At what age should you see a geriatrician?
The easy answer is, there’s no easy answer. Merriam-Webster defines a geriatrician as a specialist in geriatrics, which in turn is defined as a branch of medicine that deals with the problems and diseases of old age and the medical care and treatment of aging people.
But everyone, including most older people, would argue that just as no two fingerprints are alike, no two people age alike.
Richard W. Besdine, MD, of the Warren Alpert Medical School of Brown University, wrote in the Merck Manual for medical information, that geriatrics refers to “medical care for older adults, an age group that is not easy to define precisely. ‘Older’ is preferred over ‘elderly,’ but both are equally imprecise.”
Though the world in general and the medical establishment in particular has sort of defined old as over 65 years of age, Besdine writes that “most people do not need geriatrics expertise in their care until age 70, 75, or even 80.” And some never go to a geriatrician.
Maybe it’s just as simple as this statement made by a specialist in both internal and geriatric medicine: “As a physician, I believe my patients should be treated with dignity. I strive to provide quality care to ensure that each patient has their needs met with compassion.”
Babatunde Olumide, MD, is board certified in internal medicine. So he treats anyone over the age of 18. But after his residency, he went on to complete a geriatric medicine fellowship from Saint Louis University School of Medicine. He said the experience was eye-opening.
While he was working as a hospitalist at a regional hospital in Jackson, Tennessee, Olumide decided he wanted to specialize in the treatment of the elderly. “I saw a lot of older people,” he said. “I saw that there were some weaknesses in the care of the elderly. People become more vulnerable because of age-related diseases. So I wanted to see what I could do to help. You feel for them. You realize if nobody helps these people, they can be found in terrible conditions.”
Besdine defines gerontology as the study of aging, but he includes the biologic, sociologic, and psychologic changes within his definition. Around the year 1900 in the U.S., people older than 65 made up 4% of the population, he wrote. Now they account for more than 14% (nearly 50 million, with a net gain of 10,000 per day). In 2026, when post–World War II baby boomers begin to reach age 80, estimates suggest that more than 20% (almost 80 million) will be over 65. The mean age of those older than 65 is now a little more than 75, and the proportion of those older than 85 is predicted to increase most rapidly.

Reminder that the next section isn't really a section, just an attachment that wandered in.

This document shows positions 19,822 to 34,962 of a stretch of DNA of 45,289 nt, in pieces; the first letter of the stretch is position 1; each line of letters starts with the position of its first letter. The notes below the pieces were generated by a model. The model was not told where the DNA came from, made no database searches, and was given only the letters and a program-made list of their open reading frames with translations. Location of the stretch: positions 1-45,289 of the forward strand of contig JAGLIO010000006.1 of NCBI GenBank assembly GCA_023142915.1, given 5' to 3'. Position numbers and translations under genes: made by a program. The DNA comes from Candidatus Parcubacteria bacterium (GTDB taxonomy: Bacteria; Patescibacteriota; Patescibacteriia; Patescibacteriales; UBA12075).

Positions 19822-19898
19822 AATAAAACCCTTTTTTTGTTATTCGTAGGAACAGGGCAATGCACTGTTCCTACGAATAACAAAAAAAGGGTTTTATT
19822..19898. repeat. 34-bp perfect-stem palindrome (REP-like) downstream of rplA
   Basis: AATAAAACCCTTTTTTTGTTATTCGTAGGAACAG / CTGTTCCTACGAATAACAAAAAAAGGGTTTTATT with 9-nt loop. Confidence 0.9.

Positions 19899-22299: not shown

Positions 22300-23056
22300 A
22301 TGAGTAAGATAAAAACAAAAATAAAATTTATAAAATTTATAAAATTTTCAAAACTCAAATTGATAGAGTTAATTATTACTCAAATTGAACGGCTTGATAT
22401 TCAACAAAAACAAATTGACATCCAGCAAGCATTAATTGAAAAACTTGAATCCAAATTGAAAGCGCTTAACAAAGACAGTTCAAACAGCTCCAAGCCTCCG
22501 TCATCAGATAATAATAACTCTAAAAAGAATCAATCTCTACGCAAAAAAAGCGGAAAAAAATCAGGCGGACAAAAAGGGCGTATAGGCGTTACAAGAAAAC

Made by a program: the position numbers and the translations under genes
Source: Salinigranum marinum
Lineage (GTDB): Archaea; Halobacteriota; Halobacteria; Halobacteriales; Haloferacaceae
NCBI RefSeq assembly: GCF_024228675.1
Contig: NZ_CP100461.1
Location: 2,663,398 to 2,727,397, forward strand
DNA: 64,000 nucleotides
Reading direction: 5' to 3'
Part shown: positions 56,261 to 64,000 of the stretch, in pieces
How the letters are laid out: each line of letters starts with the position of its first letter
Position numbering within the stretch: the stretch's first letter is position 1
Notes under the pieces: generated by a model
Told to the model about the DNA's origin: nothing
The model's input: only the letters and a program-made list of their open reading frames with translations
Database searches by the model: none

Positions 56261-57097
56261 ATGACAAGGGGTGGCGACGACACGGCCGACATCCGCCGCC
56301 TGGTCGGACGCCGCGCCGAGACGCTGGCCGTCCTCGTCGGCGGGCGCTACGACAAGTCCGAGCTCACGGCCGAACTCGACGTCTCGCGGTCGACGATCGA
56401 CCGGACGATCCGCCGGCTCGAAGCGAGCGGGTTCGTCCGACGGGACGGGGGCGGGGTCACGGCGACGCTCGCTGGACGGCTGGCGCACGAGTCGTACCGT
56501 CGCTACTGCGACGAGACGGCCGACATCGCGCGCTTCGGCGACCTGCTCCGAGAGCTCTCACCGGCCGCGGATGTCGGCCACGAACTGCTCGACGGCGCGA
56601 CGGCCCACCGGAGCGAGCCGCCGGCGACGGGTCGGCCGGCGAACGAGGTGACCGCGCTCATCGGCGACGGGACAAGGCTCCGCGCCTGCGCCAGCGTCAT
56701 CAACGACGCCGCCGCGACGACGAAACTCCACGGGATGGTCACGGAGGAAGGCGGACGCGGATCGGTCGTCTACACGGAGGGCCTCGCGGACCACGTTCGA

Aging in general refers to the inevitable, irreversible decline in organ function that occurs over time even in the absence of injury, illness, environmental risks, or poor lifestyle choices (eg, unhealthy diet, lack of exercise, substance abuse), Besdine wrote. “Initially, the changes in organ function do not affect baseline function; the first manifestations are a reduced capacity of each organ to maintain homeostasis under stress (eg, illness, injury). The cardiovascular, renal and central nervous systems are usually the most vulnerable (the weakest links).”
Many of the parts and processes of the human body exist simply to maintain homeostasis. In other words, the machine exists so the machine can continue to exist. Homeostasis as the stability, balance or equilibrium within a cell or the body. It’s the body’s ability to maintain that balance and physical well-being in spite of changes or outside factors. An example is when bacteria or viruses that can make you sick get into your body, your lymphatic system kicks into gear to help maintain homeostasis or keep you well. Other examples are the ability of the body to maintain a balance of water, a healthy blood pressure or insulin level.